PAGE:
If you keep up with the news, you will know there’s a shortage of family doctors. This shortage is more pronounced in rural or remote communities. Perhaps the notion of a shortage of family doctors isn’t accurate, but I’ll let the people at the Ministry of Health and the OMA debate that.
I’m sure we can all agree that people are having a tough time finding family doctors as many people in Ontario are WITHOUT family doctors. Many doctors aren’t accepting new patients.
Family doctors are very important. They represent the front line with respect to medical care and attention when you’re sick, injured or hurt.
In my travels across Ontario, I’m never shocked when people tell me that they don’t have a family doctor or that they haven’t seen a doctor in many years.
Lots of people don’t like going to see the doctor. The doctor’s office may conjure up bad memories, feelings of worry, or helplessness; so going to the doctor’s office isn’t a priority. Or, they can’t find the time in their busy work schedule to see a doctor. Or, perhaps they’ve had no reason for a very long time to get a family doctor when they have no pressing health problems. Or, their community just doesn’t have a family doctor nearby who’s taking on new patients. The closest family doctor might be a few hours drive away and making that drive just isn’t practical.
Our lawyers understand this. But, when an accident happens, the family doctor may be the most important medical professional for your case. Particularly in a chronic pain case.
* Note: We understand that some people without family doctors may see a nurse practitioner, or may attend at walk in clinics or at Emergency at Hospital. A client recently tried to attend at Emergency in the Kawarthas (I won’t tell you the hospital) late at night and had a wait time of 3 hours. In any event, if you don’t have a regular family doctor because you just can’t get one, a nurse practitioner or a local walk in clinic is the next best thing. Those wait times in the Emergency Room at the hospital can be just too long.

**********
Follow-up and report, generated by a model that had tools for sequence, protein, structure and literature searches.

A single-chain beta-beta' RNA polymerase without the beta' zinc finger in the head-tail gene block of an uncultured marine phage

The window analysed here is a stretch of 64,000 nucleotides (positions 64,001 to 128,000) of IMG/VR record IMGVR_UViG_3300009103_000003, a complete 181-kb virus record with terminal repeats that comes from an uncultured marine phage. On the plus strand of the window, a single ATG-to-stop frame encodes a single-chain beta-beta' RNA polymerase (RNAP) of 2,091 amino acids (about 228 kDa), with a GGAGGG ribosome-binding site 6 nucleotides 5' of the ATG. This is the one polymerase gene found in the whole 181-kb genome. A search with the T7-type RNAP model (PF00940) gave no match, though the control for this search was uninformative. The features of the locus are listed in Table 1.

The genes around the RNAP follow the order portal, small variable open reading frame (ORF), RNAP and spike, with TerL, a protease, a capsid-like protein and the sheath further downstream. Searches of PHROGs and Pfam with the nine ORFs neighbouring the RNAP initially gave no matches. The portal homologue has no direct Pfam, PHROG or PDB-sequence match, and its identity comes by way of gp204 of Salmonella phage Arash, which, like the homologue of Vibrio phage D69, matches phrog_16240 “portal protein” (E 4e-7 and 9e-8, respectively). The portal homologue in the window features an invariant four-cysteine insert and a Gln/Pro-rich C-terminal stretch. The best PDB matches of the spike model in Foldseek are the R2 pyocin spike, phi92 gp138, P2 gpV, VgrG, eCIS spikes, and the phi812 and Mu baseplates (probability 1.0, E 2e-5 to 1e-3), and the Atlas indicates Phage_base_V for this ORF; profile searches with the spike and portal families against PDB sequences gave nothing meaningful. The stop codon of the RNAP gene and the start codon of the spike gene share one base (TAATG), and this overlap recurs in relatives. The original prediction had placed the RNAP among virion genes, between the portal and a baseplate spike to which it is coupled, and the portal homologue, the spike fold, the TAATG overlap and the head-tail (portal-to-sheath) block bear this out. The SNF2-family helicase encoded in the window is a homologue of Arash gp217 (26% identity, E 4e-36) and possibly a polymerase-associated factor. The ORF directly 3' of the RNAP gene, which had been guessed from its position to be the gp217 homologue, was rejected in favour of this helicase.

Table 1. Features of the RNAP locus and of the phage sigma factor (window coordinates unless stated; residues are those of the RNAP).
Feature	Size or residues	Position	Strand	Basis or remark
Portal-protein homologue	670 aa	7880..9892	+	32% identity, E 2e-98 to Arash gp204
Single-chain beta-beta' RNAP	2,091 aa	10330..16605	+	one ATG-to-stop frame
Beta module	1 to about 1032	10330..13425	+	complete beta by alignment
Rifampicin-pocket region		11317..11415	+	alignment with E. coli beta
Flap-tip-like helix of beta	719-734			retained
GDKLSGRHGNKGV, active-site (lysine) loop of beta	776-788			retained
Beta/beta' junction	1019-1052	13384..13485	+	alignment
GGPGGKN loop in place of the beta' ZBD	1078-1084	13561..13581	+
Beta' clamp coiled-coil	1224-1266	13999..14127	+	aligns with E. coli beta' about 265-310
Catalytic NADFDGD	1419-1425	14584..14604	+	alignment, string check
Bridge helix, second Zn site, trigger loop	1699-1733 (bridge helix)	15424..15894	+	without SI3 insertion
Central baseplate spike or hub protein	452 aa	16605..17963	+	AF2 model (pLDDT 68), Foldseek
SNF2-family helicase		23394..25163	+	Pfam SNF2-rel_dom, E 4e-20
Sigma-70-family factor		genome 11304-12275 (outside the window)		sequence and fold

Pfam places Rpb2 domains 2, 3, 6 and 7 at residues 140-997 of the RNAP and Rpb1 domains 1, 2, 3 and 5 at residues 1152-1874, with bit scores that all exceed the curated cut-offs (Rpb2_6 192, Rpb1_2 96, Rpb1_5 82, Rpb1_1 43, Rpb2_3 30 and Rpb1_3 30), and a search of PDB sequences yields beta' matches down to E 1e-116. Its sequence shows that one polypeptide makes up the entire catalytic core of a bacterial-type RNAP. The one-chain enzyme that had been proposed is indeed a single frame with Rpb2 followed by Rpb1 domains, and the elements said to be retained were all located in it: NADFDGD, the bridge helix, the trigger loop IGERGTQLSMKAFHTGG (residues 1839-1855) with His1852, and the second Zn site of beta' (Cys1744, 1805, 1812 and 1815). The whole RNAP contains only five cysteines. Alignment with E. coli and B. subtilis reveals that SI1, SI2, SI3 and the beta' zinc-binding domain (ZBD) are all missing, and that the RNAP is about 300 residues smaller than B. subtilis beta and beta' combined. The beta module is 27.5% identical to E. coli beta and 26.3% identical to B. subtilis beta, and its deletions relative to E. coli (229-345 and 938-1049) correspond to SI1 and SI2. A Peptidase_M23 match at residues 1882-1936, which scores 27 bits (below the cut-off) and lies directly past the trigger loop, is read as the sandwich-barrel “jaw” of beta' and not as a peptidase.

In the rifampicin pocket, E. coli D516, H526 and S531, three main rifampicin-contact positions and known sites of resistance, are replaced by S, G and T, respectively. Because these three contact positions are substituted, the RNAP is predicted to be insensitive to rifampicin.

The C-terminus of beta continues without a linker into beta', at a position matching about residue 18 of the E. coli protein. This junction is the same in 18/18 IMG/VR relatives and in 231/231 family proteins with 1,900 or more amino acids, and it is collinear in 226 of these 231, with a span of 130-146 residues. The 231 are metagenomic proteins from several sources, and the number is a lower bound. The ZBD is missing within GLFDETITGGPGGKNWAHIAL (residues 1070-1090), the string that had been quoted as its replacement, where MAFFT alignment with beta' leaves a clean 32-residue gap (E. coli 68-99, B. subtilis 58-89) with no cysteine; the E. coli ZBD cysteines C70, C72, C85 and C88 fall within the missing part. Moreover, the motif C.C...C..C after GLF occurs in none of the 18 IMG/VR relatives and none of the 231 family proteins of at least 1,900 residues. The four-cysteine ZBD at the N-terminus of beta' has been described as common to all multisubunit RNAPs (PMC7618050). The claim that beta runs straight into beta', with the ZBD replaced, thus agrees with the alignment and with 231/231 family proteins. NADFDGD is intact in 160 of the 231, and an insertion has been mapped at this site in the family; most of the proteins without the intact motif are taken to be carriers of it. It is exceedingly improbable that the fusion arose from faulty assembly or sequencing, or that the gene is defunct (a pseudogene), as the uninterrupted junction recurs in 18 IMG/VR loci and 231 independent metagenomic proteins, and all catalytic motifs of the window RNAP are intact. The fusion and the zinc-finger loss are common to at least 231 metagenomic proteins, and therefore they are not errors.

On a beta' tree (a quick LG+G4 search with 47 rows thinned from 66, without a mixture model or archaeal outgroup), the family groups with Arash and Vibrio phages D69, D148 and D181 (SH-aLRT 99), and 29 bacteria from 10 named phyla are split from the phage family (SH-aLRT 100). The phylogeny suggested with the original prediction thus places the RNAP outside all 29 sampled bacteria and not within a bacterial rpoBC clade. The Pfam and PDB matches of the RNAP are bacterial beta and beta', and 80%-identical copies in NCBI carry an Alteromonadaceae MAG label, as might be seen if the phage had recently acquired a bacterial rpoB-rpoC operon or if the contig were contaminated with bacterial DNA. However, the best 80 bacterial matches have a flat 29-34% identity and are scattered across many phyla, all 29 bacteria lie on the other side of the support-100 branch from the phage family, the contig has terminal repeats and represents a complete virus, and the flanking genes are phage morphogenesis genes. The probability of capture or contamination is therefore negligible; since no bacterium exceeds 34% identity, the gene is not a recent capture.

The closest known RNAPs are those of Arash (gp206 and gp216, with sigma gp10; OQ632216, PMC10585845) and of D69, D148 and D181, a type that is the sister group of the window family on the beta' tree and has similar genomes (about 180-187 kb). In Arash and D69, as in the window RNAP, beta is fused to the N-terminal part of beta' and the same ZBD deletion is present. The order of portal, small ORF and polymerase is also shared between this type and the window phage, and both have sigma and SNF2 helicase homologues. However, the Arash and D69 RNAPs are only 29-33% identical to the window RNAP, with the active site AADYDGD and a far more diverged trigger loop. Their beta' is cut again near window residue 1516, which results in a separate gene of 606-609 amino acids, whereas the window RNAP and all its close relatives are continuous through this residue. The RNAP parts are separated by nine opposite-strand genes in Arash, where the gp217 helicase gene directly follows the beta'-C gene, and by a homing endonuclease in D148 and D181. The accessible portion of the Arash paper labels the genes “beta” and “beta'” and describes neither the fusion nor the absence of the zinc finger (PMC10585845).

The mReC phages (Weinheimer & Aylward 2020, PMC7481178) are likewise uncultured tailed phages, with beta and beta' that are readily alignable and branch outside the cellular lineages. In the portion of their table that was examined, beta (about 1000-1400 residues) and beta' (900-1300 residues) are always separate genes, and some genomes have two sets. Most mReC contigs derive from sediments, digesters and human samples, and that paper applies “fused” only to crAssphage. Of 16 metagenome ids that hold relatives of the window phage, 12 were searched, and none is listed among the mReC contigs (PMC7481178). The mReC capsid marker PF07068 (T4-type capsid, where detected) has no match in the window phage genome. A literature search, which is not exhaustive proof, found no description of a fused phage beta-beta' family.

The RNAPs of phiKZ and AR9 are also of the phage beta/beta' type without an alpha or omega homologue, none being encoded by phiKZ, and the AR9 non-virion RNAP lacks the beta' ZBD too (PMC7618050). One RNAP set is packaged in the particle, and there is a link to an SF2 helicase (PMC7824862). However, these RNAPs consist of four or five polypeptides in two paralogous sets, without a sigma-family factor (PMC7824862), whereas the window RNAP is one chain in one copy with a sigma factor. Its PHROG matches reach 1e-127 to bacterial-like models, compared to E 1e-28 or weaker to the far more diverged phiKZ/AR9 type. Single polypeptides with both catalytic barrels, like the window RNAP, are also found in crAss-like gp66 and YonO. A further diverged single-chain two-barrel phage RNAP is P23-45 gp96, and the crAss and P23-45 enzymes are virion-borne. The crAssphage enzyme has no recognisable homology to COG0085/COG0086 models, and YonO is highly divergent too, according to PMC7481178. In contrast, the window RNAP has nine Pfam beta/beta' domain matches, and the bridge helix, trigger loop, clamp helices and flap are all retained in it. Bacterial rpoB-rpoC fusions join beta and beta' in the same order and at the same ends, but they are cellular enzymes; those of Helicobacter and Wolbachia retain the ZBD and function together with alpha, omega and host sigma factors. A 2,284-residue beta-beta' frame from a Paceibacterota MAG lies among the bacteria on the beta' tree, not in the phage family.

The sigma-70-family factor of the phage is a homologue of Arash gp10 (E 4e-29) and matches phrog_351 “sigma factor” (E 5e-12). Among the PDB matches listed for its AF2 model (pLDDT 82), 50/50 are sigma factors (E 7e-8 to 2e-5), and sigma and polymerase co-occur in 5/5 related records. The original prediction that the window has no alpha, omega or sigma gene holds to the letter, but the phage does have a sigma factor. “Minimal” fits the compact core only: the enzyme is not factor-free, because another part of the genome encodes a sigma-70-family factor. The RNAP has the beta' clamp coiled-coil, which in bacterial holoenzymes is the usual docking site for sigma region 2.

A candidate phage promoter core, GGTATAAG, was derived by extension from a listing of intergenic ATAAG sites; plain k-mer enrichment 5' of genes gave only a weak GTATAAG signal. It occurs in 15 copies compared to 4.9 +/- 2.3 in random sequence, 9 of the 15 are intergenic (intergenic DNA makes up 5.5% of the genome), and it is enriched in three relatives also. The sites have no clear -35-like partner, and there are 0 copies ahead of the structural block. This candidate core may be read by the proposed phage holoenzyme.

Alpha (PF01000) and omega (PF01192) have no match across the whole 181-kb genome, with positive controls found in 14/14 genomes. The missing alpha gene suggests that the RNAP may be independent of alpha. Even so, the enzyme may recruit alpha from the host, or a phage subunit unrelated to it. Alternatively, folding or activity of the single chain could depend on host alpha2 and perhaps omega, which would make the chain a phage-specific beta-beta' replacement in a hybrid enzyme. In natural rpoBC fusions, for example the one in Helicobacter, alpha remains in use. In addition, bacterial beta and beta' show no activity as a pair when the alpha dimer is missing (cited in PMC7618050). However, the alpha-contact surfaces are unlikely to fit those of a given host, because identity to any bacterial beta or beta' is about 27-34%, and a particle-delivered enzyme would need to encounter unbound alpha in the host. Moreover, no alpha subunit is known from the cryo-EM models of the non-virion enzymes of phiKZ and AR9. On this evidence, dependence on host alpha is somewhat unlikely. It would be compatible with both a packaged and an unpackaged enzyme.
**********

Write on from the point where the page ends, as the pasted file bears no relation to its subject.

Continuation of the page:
Why is a family doctor so important to my chronic pain case?
Good question. In order to prove damages, we have to show medical evidence that you’re injured.
The very nature of chronic pain is that it likely won’t show up on any x-ray test or scan. It’s your word that you’re in pain vs. the insurance company’s word along with their experts who get paid a lot of money to say what the insurance company wants them to say.
It’s not enough for an accident victim to get up on the stand and tell the Court that they’re in pain. That sort of evidence just isn’t good enough for a Judge or Jury. We need to show compelling medical evidence that the Plaintiff is in fact in pain and suffering and that their chronic pain is very real and not fabricated as the insurance company will try to convince others to believe.
One of the ways we prove that is through the clinical notes and records of the family doctor. If you attend at your doctor’s office to address your pain and suffering arising from your accident; then this ought to be reflected in your doctor’s clinical notes and records. Those records provide a comprehensive HISTORY of your pain and your treatment. It makes your pain come to life for the Court and support your testimony that your pain and suffering is in fact very real, and very significant.
The logic of the Court , Judge and insurer is that if you don’t have pain, then you won’t visit a doctor to address your pain complaints. Hence: if you don’t have a family doctor and you’re not being treated for your pain; then your pain must not really exist.